Prides and joy

Lion researcher Craig Packer gives a photo presentation and talk about the endangered African Lion.

Danylo Loutchko

Obviously, Minnesota’s wildlife is vastly different from the wildlife of the African plains. 
But that hasn’t stopped Craig Packer from making the University of Minnesota a hub for lion research in the United States. 
Packer, a University professor and director of the UMN Lion Center, will deliver a talk about African Lion research and conservation at the Minneapolis Photo Center on Tuesday
He will also present photos from the Lion Center’s internationally successful Snapshot Serengeti project, as well as the photos taken by his long-time research assistant, Swedish nature photographer Daniel Rosengren.
Packer started at the U in 1983 after spending time as a Stanford undergrad studying with Jane Goodall in Africa. He led the Serengeti Lion Project in Tanzania after graduate school. 
He talked with the Daily about his career studying lions, the Lion Center’s research and the conservation efforts for the endangered African lion.
How did the U come to have a Lion Research Center? Is that something that came over with you? 
Yeah, it was me. We were studying lions, and we were attracting graduate students, so we started the Lion Research Center in the early 1990s. 
We used that as a flag for disseminating the results of our research online at Recently, we thought we should change the name a little bit to better present the kind of work we do to the public, so now it’s just called the Lion Center. 
How did you get started studying lions?
Well, it’s complicated. 
I was really lucky as an undergraduate. My university had a program that would send four undergraduates a year to Tanzania to work with Jane Goodall [studying baboons].
I was accepted and ready to go to medical school, but I had this chance to go to Africa. Once I got there, I thought it was a lot more fun than becoming a doctor, so I’ve stuck with it.
I eventually became a graduate student and went back to Goodall’s place [and] did my doctoral research there. After I was done, I looked for something else to do. My friends who had also been working in Tanzania were just finishing their time on the Serengeti Lion Project, so I took it over.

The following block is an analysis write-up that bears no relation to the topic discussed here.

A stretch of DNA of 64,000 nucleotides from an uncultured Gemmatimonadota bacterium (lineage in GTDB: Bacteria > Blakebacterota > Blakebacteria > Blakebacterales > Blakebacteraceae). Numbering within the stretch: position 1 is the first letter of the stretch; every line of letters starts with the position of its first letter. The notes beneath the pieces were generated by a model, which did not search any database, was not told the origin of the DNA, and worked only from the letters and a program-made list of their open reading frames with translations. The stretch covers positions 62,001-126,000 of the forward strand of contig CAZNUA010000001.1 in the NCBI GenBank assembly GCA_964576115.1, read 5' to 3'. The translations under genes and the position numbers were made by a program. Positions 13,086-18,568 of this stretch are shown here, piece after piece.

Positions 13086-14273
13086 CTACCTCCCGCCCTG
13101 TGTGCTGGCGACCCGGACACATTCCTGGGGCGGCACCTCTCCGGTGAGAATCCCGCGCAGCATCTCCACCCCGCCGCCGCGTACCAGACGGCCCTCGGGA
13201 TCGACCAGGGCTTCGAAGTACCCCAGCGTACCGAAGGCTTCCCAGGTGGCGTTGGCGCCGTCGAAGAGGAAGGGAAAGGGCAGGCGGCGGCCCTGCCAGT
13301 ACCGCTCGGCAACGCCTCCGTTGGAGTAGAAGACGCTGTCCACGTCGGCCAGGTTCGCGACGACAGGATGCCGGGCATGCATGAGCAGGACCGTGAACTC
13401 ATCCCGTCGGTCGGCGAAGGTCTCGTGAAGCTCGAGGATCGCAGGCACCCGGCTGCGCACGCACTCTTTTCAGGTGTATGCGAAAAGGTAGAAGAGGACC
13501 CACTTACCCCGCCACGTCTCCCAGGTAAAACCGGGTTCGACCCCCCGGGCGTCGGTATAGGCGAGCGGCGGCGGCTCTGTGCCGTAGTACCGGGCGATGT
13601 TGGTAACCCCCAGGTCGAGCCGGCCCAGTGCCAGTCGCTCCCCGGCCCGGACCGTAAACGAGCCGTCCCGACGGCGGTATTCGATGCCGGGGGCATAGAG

Why do you find lions so fascinating?
They’re such an unusual species in that they’re very cooperative. 
Cooperation is relatively rare in nature — most animals are really selfish, and everything they do is for their short-term self-interest. There are a few exceptions, like ants and bees. 
Among the cats, there’s this exceptional species, the lion. All the other cats are very solitary, and yet the lion is very social and does a lot of things that are very cooperative. 
I wanted to look at that cooperative behavior and get a sense of what made them tick. 
What will you be discussing at the “Snapshots on the Serengeti” talk? 
I’ll talk about my history and how I got started in all of this. Then we’re going to show a lot of really cool pictures from the camera traps we set up in Serengeti, followed by an update about the conservation work and a new project in South Africa. I continued research in the Serengeti Park in Tanzania until about a year ago, when I shifted my research to South Africa. 
What is the Snapshot Serengeti project?
In brief, there’s a grid of about 200 camera traps in the Serengeti, and there’s so many animals there that we get millions of photographs. 
We put the photographs online, and you can go to and pull up the photographs, and we need your help to tell us, “Is it a wildebeest? Is it a buffalo? What is it?”
When enough people have said what they think is shown in a particular picture, it gets retired. Then we take people’s assessments, and it turns out that they are really accurate. 
So with the millions of photographs that have been taken by these cameras over the years, we can say which species of animal stood in front of our camera on a given day at a given place, every day for the last five years or so. 
Is there a split between you feeling the need to do research versus awareness? Are they at odds with each other?
Well, that’s an interesting question. Since when I first started studying the lions, the conservation crisis now has gotten very severe. 
We published a paper a few months ago, where we think there might be only about 20,000 lions left in Africa. And the number of lions has decreased probably by about half at least across the entire continent of Africa [since 1993]. This is primarily due to rapid human population growth, all the poaching and the livestock conflicts. 
Whereas my research originally was basic research, now it’s become more critical to get an understanding about the conservation status of the lions, what things help to protect the status of the lions, conflicts of people, and so on. That means I’ve become more of a spokesperson for what’s needed to protect lions in the future. 
Are there ways for people who aren’t involved in the Lion Center to get involved in the conservation effort?
Well, I think first thing is to look at our webpage and look at some of the issues we are trying to deal with. 
Some of the problems are really tough because national parks in Africa need additional funding besides what they can get from tourist revenues. That’s going to take the whole world to commit to providing funding, and that’s kind of hard for us as individuals to influence.
But on the other hand, if people think about that and support initiatives to do that, then OK, maybe it can happen, but it’s going to be a slow and gradual process.
“Snapshots on the Serengeti” lecture and presentation
Where Minneapolis Photo Center, 2400 N. Second St., Minneapolis
When 6 p.m. Tuesday
Cost Free, registration required